Seasonal monsoon rains from June to September cause deaths and mass displacement across South Asia every year but they also deliver more than 70% of India’s rainfall and are crucial for farmers.

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Finland, Sweden submit application to join NATO

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(Last Updated On: May 18, 2022)

Finland and Sweden formally applied to join the NATO alliance on Wednesday at allied headquarters, a decision spurred by Russia’s invasion of Ukraine, and setting in motion an accession process that is expected to take only a few weeks.

Sweden and Finland were both neutral throughout the Cold War, and their decision to join NATO is one of the most significant changes in Europe’s security architecture for decades, reflecting a sweeping shift in public opinion in the Nordic region since Russia’s Feb. 24 invasion.

“This is a historic moment, which we must seize,” NATO Secretary-General Jens Stoltenberg said at a short ceremony in which the Swedish and Finnish ambassadors to the alliance handed over their application letters, each in a white folder embossed with their national flag.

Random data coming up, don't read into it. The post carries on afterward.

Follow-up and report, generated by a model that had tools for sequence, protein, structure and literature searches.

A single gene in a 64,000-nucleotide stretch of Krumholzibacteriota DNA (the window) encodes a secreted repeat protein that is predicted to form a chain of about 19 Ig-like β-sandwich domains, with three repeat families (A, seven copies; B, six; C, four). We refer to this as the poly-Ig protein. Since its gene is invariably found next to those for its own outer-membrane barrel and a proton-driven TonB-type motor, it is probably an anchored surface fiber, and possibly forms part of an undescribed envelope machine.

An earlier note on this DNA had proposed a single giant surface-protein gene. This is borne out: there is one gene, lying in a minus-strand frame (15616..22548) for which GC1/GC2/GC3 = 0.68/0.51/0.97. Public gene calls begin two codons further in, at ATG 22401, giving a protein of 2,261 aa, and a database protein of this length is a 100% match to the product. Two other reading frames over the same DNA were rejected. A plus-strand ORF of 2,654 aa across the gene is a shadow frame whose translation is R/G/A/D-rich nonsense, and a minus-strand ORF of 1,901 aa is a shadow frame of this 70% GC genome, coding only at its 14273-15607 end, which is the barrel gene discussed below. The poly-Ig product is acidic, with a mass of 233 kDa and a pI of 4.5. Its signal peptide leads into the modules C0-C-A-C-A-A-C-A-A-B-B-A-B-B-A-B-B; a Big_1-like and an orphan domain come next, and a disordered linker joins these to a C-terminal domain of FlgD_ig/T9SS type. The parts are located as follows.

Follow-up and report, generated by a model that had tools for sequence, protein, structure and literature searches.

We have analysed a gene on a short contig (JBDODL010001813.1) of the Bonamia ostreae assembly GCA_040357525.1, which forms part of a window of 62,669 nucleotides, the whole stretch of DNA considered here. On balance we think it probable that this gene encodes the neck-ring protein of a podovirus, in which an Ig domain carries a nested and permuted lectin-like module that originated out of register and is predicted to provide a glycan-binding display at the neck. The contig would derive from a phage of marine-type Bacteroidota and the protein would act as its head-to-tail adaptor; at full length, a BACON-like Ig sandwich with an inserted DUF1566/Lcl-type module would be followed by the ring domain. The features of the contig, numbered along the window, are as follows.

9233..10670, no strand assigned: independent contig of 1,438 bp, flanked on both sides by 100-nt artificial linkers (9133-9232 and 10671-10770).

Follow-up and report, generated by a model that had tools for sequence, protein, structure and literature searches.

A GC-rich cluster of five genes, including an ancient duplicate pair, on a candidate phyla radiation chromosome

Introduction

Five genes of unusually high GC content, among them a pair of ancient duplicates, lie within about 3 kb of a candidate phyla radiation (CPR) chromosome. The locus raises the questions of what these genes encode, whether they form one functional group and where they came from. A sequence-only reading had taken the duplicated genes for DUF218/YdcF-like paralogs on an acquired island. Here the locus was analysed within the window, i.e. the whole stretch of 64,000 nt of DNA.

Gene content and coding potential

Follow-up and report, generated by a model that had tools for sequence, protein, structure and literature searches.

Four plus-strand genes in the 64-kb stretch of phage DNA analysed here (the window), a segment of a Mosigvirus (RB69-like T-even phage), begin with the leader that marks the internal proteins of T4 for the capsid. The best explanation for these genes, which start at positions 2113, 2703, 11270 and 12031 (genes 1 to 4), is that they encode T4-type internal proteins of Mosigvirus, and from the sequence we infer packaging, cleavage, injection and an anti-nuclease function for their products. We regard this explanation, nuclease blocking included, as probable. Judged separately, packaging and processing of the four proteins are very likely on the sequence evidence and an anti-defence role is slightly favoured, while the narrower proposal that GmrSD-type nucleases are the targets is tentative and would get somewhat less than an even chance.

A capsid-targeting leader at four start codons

“I warmly welcome requests by Finland and Sweden to join NATO. You are our closest partners, and your membership in NATO will increase our shared security,” Stoltenberg said. The alliance considers that the accession of Finland and Sweden would hugely strengthen it in the Baltic Sea.

Ratification of all 30 allied parliaments could take up to a year, diplomats say.

Turkey has surprised its allies in recent days by saying it had reservations about Finnish and Swedish membership. Stoltenberg said on Wednesday that he thought the issues could be resolved.

“We are determined to work through all issues and reach rapid conclusions,” Stoltenberg said, noting strong support from all other allies.